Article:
BMW E61 Turbo Replacement Project - Cleaning Intercooler, Radiator, Power Steering and Transmission Coolers

I made the decision to pull the engine and transmission out of the front of the car when doing the turbo replacement project. I was using quickjacks which give me about 24" of lift - and don't have a 2 or 4 post lift to be able to drop the engine and transmission out of the bottom of the car. One thing that really impressed me about this car was there are 7 heat exchangers / coolers around the front of the car: radiator, AC evaporator, power steering cooler, engine oil cooler, charge air intercooler, transmission fluid cooler and coolant / transmission fluid heat exchanger.

Charge air intercooler - lots of grit came out of the fins.
 It was pretty impressive the quantity of road grit that came out of virtually all the heat exhangers, particularly the intercooler, power steering cooler, and transmission fluid cooler. The AC evaporator, engine oil cooler and radiator protect themselves somewhat because they are stacked behind the transmission fluid cooler. The AC evaporator is quite exposed to grit and debris coming through the kidney grille at speed, blasting the paint and flattenning the fin material.

Halo of grit from flushing the intercooler. 
This car is winter driven daily - and exposed to road salt and grit all winter. The intercooler was about 30% blocked with grit, the power steering cooler about 50% blocked with grit, and the transmission cooler was the worst off - almost 100% blocked with grit.
Transmission cooler - almost completely blocked with road grit.
 Through trial and error - I found that the best method to clean all these aluminum parts was to initally flush with soap and water, and try to get as much grit removed using a high flow / low pressure water hose to avoid damaging the fin material. Once that was done, I used aluminum wheel cleaner - sprayed to soak into the fins as much as possible, and then flushed with water within the prescribed time (a few minutes of application only). This remove a good amount of grit. Then the third stage was to clean out grit using a dental pick set - I needed to do this with the worst heat exhangers only - and since these parts cost between $300 and $700 each - it was worth the time doing a few evenings of dental picking to rehabilitate these parts.
Front end during disassembly - note the sandblasting of the AC evaporator - leaving the kidney grille shape with two lines from a cross brace.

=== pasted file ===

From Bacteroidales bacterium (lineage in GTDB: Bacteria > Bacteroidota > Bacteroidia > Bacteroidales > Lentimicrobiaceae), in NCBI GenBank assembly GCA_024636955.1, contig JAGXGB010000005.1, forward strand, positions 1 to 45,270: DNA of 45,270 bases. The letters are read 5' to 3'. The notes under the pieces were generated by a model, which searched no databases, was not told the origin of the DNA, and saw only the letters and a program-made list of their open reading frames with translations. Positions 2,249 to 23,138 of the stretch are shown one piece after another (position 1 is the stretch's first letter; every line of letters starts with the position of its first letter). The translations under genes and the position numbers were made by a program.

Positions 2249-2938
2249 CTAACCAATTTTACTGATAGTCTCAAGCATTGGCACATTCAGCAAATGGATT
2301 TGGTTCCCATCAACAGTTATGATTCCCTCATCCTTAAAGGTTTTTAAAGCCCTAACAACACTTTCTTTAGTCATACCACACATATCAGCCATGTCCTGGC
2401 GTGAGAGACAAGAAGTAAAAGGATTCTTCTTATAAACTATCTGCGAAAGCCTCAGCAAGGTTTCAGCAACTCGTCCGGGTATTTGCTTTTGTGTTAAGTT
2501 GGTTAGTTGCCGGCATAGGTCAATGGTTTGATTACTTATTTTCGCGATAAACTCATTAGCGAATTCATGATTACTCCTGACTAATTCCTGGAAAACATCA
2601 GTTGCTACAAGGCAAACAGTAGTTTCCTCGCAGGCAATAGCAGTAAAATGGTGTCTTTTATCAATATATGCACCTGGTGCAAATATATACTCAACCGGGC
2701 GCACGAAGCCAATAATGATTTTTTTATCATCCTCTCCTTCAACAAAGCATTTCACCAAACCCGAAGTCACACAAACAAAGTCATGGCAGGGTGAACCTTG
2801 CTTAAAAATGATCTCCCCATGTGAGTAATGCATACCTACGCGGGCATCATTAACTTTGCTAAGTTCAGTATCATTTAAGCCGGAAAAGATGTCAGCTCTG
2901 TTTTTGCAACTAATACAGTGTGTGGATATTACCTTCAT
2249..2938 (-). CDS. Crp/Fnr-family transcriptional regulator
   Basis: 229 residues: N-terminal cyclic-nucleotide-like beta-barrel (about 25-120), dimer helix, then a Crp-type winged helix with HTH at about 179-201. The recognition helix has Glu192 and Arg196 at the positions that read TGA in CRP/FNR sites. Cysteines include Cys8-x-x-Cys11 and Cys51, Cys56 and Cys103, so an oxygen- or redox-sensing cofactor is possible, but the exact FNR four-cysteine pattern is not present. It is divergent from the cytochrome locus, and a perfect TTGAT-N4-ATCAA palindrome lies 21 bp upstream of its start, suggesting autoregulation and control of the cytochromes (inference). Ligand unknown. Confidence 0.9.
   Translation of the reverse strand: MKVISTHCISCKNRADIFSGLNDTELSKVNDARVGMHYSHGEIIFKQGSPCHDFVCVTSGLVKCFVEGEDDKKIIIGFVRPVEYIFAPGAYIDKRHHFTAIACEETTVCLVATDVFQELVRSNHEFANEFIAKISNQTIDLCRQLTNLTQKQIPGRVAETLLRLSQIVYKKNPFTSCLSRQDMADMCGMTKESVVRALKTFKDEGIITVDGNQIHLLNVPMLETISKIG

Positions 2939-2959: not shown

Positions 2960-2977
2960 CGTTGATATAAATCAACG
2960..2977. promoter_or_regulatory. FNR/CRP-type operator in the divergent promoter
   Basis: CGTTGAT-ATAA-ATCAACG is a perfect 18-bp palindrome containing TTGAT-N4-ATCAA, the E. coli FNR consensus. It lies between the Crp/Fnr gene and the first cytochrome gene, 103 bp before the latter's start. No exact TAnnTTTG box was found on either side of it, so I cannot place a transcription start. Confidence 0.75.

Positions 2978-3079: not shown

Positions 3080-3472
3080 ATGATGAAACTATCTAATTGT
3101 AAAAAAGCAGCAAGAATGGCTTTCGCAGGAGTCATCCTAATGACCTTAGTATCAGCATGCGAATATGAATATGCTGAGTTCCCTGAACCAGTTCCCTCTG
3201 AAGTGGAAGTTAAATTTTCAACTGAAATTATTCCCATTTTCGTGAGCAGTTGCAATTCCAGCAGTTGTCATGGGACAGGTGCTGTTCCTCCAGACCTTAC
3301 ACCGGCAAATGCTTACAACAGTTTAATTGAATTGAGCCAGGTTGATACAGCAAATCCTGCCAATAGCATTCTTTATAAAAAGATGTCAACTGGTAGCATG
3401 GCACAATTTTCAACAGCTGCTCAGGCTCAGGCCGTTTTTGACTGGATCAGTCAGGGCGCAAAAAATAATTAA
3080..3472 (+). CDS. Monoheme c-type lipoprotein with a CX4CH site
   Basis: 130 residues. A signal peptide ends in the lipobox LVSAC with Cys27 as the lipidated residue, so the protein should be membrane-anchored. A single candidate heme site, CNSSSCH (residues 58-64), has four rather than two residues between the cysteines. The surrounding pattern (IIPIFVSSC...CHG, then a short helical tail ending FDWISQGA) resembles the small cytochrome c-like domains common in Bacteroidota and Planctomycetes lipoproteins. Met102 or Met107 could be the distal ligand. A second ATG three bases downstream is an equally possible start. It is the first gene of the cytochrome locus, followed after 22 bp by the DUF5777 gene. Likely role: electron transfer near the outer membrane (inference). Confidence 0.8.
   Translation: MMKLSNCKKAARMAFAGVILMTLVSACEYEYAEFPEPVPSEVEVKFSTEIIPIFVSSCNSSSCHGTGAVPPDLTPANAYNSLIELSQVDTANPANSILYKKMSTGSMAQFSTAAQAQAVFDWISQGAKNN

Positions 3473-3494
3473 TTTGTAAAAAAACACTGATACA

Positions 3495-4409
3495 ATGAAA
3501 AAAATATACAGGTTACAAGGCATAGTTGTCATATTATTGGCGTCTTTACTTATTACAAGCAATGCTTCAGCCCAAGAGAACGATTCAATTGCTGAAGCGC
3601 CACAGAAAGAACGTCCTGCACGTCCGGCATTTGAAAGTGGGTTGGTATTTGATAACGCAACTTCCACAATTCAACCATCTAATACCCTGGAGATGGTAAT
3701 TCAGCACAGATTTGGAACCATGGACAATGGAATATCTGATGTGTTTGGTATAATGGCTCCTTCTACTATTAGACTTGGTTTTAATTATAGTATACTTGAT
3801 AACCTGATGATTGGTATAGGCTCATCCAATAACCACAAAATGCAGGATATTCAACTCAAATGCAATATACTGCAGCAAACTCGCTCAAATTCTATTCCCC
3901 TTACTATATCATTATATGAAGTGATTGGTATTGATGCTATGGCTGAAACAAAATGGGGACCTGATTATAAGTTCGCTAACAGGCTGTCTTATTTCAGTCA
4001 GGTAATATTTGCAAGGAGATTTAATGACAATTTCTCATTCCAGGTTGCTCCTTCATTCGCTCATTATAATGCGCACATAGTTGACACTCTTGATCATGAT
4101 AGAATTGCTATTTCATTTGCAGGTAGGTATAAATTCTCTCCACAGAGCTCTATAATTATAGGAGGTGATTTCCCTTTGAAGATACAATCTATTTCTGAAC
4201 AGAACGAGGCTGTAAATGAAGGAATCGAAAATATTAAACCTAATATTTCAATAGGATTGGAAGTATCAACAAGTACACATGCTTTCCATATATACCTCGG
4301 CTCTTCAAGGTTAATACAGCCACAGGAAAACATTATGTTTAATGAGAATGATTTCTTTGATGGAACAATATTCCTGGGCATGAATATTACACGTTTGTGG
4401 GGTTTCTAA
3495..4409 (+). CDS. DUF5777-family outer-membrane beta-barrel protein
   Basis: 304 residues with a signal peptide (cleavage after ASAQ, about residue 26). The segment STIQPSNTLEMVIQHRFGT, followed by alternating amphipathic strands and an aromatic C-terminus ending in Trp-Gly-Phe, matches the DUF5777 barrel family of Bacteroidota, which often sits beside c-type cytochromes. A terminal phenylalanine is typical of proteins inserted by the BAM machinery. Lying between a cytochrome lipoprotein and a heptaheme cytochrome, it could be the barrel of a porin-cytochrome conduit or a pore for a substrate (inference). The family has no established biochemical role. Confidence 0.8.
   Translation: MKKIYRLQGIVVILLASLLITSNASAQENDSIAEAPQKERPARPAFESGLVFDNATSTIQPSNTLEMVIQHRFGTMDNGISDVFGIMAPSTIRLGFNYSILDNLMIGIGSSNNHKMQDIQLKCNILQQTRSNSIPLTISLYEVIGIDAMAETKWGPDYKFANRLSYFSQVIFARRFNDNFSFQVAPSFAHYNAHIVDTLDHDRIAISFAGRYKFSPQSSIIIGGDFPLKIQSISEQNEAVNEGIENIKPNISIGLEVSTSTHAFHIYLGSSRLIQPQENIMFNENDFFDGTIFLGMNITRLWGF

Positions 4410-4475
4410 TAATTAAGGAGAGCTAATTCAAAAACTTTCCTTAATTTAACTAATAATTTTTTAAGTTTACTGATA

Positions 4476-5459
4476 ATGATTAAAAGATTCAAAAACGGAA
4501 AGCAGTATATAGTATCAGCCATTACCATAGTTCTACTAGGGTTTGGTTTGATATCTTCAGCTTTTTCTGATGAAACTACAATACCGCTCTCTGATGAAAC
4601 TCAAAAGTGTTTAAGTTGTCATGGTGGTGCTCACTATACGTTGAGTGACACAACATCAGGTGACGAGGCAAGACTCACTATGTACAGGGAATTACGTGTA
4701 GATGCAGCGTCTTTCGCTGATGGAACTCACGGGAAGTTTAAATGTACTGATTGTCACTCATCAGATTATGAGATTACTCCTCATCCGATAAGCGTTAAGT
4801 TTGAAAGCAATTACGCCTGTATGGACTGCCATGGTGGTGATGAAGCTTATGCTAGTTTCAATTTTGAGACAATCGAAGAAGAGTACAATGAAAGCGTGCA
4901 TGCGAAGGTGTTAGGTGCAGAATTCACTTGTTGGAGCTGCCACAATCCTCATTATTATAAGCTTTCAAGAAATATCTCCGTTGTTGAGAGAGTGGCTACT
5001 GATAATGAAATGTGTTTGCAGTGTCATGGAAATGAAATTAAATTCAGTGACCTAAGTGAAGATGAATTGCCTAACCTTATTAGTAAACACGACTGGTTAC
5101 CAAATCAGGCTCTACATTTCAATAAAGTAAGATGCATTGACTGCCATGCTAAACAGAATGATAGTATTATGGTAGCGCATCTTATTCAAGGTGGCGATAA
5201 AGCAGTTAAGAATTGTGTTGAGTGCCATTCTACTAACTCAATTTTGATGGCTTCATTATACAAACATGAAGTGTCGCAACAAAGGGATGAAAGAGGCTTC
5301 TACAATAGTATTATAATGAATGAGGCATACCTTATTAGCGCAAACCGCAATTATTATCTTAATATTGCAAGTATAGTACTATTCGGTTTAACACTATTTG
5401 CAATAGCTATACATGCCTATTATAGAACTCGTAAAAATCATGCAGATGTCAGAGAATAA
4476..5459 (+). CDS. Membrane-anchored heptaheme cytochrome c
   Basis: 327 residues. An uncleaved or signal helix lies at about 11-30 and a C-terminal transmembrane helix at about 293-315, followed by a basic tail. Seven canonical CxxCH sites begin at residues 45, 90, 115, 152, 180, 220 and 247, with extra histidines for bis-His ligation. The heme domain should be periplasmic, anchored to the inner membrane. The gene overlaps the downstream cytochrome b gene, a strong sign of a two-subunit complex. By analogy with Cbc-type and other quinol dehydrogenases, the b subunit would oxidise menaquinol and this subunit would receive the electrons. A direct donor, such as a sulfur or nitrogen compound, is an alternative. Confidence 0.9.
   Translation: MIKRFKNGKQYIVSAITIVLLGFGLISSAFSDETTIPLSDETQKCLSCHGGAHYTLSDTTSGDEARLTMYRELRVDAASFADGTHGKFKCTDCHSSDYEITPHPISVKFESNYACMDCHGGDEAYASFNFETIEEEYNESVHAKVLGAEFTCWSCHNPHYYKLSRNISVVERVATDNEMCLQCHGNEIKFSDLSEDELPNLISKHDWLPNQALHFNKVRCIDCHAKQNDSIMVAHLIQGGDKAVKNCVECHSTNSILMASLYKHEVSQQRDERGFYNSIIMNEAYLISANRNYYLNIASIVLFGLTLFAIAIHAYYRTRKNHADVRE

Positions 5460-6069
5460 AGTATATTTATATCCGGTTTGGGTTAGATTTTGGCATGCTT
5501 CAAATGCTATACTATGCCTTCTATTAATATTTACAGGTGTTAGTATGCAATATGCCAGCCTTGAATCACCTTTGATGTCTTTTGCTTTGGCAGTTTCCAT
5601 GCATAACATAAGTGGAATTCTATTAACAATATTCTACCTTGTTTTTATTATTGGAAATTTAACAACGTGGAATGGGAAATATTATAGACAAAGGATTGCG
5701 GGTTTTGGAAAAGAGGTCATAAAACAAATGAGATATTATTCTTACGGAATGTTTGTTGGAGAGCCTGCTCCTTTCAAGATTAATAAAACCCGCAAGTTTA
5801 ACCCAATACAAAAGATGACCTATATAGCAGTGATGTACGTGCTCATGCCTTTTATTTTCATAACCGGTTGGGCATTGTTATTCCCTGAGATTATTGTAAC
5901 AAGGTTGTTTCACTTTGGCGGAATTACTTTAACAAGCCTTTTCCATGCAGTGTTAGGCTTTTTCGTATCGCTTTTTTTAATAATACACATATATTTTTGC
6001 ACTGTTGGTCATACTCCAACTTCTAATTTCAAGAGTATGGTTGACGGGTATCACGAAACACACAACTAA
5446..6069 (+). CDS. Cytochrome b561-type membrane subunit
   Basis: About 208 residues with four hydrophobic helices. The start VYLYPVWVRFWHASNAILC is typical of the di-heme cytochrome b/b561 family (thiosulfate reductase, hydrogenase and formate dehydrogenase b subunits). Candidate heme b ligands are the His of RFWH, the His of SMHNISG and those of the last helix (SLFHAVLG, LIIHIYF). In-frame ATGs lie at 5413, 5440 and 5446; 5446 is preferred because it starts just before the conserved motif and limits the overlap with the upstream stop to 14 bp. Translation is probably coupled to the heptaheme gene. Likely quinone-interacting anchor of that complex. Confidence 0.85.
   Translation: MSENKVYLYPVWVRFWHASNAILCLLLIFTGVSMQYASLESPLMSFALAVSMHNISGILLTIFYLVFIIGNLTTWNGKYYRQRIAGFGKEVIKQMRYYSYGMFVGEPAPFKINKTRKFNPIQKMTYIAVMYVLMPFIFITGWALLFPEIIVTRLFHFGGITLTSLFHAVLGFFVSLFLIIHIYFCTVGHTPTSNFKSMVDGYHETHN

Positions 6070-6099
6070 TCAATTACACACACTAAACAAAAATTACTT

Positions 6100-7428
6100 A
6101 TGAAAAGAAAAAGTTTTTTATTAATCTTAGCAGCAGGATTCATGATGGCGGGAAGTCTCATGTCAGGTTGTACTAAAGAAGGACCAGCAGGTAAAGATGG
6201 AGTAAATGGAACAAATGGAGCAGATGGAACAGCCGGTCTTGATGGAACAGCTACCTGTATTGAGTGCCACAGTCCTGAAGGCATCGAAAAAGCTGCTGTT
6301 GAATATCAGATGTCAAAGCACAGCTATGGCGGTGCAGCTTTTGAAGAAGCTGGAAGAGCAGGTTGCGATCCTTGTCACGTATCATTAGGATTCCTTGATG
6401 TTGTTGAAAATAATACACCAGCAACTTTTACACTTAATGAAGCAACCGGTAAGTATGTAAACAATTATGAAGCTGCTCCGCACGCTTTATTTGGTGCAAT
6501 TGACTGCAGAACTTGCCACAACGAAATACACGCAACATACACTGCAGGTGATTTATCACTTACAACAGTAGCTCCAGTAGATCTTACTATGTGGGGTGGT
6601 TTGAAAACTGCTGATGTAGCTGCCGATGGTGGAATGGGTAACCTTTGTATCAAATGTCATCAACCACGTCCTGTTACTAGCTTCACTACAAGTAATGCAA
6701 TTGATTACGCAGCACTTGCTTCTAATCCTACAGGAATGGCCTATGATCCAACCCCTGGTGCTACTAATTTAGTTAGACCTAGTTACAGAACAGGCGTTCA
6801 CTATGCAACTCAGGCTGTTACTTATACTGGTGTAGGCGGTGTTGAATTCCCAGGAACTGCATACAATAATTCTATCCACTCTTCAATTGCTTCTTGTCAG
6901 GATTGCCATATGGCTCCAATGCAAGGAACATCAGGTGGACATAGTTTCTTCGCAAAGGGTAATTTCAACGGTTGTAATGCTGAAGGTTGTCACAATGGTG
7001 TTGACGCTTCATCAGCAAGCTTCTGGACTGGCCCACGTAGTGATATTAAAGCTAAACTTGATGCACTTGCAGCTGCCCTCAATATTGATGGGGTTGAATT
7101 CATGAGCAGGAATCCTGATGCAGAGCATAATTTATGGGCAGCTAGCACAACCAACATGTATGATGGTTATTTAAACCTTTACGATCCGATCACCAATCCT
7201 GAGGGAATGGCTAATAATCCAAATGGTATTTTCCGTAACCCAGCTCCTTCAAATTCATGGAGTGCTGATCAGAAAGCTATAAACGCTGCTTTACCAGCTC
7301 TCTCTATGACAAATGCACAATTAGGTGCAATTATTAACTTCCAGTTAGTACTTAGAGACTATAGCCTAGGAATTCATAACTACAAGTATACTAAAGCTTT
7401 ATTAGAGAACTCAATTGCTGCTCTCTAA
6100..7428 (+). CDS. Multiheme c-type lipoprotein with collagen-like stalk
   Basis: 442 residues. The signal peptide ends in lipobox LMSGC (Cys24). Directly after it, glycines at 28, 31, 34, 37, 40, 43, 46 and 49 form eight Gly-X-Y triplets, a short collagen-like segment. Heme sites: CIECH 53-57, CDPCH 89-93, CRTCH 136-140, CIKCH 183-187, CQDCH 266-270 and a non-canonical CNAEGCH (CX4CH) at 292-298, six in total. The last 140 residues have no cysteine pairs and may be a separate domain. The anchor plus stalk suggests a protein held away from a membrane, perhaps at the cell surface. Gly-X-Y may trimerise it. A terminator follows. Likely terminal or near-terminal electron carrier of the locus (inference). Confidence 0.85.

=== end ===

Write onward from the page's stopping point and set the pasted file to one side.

The transmission cooler is the lowest cooler on the car - and the most packed with grit.

Transmission cooler - almost completely blocked with grit.
During the dental picking, I also straightened and lifted any folded fin material - it's time consuming, but for me it was worth it.

Radiator after cleaning with aluminum wheel cleaner. 

AC evaporator after cleaning with aluminum wheel cleaner. 

Intercooler during cleaning - all the metal and fins were in good condition without any pitting at the hose mating surfaces.
One final thing to note - I replaced all the o-rings / sealing rings at all the hose interfaces to help ensure I wouldn't have any leaks at startup. Now that the car is on the road, running, and AC system charged - I can state that it was worth the effort - no leaks at all from any of the systems - cooling, power steering, transmission cooling, engine oil cooling. All good.
Front end with all the coolers replaced. Shop dog hanging out the garage. Not easy keeping the dog clean....
I'll post some additional articles with lessons learned from this project, hopefully it can help others out when doing similar work.

Sources and Links

I hope you found this post useful. Feel free to ask questions in the comments section below. I answer all questions. If you're interested, you can help support this site by using the following links to in the United States. Turbo parts were supplied by Turner Motorsports. Other parts were supplied by Pelican, BMW Park Avenue in Brossard, and eEuroparts.


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